Philippa Gregory, David Baldwin and Michael Jones, The Women of the Cousins’ War: the Duchess, the Queen and the King’s Mother (London: Simon and Schuster Ltd, 2011), Hardback, ISBN 978-0-85720-177-5
Title: Although the book is called The Women of the Cousins’ War, the book only examines a few of them – Elizabeth Woodville, Margaret Beaufort and Jacquetta of Luxembourg. It doesn’t look at Margaret of Anjou or Anne Neville in a lot of detail. Nevertheless, a good study of those it does examine in detail.
Preface: The preface discusses several important questions, like why write about these women? What’s so important about them? It also goes a lot wider, looking at what history is, and what fiction is, and how they can go together. There is also a sub-section on women’s place in history. The introduction is a little long, almost as long as a chapter.
Citations: There aren’t any references or footnotes given to any of the chapters, only a list of important sources for each chapter. There is also a small section at the end of each chapter giving extra information on certain aspects of the chapters, like Eleanor Cobham and how she compares to Jacquetta of Luxembourg.
Contents: The contents page itself just lists the three women and where their sections start. The chapters themselves are divided down, but the section titles themselves aren’t listed on the contents page. The index page is well-documented, dividing down within the lists to what is where. This almost makes up for the lack of detail on the contents page.
Genre/Audience: What we would call a “popular history” rather than a scholarly history. It reads clearly, with little complicated language. Therefore, the audience would be those with some rudimentary knowledge of the background of the Wars of the Roses. It is worth a read for those more informed, but you might not find much new information.
Concepts: There are some interesting comparisons made between the women at times. A lot of the information about Jacquetta of Luxembourg and Elizabeth Woodville overlaps, as they are mother and daughter, but Margaret Beaufort seems to be a little on the outside. Perhaps if the likes of Margaret of Anjou and Anne Neville had been included in the study, it would have been more inclusive, and more links could have been found.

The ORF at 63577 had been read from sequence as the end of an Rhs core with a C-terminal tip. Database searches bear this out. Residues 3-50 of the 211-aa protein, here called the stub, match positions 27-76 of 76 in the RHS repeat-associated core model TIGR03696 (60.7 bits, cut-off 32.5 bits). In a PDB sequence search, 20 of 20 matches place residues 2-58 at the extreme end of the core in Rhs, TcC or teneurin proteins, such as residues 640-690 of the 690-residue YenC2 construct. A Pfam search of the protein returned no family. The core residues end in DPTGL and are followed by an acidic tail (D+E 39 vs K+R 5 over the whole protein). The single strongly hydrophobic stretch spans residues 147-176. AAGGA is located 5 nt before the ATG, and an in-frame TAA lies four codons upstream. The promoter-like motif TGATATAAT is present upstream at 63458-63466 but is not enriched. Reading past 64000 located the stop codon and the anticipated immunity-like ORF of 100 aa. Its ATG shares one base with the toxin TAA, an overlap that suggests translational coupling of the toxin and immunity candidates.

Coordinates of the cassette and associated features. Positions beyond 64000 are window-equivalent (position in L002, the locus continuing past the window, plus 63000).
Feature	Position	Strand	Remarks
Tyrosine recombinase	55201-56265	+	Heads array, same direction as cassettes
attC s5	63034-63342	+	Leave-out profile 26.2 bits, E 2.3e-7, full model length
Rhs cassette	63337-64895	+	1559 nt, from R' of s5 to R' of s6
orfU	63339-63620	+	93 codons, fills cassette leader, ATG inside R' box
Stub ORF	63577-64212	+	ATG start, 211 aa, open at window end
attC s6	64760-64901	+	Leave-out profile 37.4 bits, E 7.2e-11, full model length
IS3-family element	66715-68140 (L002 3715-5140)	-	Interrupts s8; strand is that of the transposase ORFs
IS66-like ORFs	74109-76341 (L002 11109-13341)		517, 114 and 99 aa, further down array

Sources: There is a huge variety of sources, but they aren’t referenced within the text. There appears to be a healthy mix of primary and secondary sources used, but it is difficult to trace exactly which source certain information came from. Each source is listed with a publication year, but no publisher name. Primary sources are also spelt in the original language, so it could be easier to trace such sources from the name.
Illustrations: There is a large variety of illustrations, with colour plates in the centre and black and white images spread at strategic points throughout the book, mainly portraits. The colour plates include pages from Books of Hours, effigies, stained glass windows and busts. Each chapter also includes family trees of each woman and signatures of the same. There are also endnotes on the images giving approximate dates, current locations and other information about them, including background information.
Other works: Philippa Gregory mainly writes historical novels like The Other Boleyn Girl, The King’s Curse and The White Queen. David Baldwin has written several books on the Wars of the Roses, including The Kingmaker’s Sisters: Six Powerful Women in the Wars of the Roses, Stoke Field: the Last Battle of the Wars of the Roses and Elizabeth Woodville: Mother of the Princes in the Tower. Michael Jones has also written several books on the Wars of the Roses, like Bosworth 1485: the Psychology of a Battle and The King’s Mother: Lady Margaret Beaufort.
My Rating: 15/20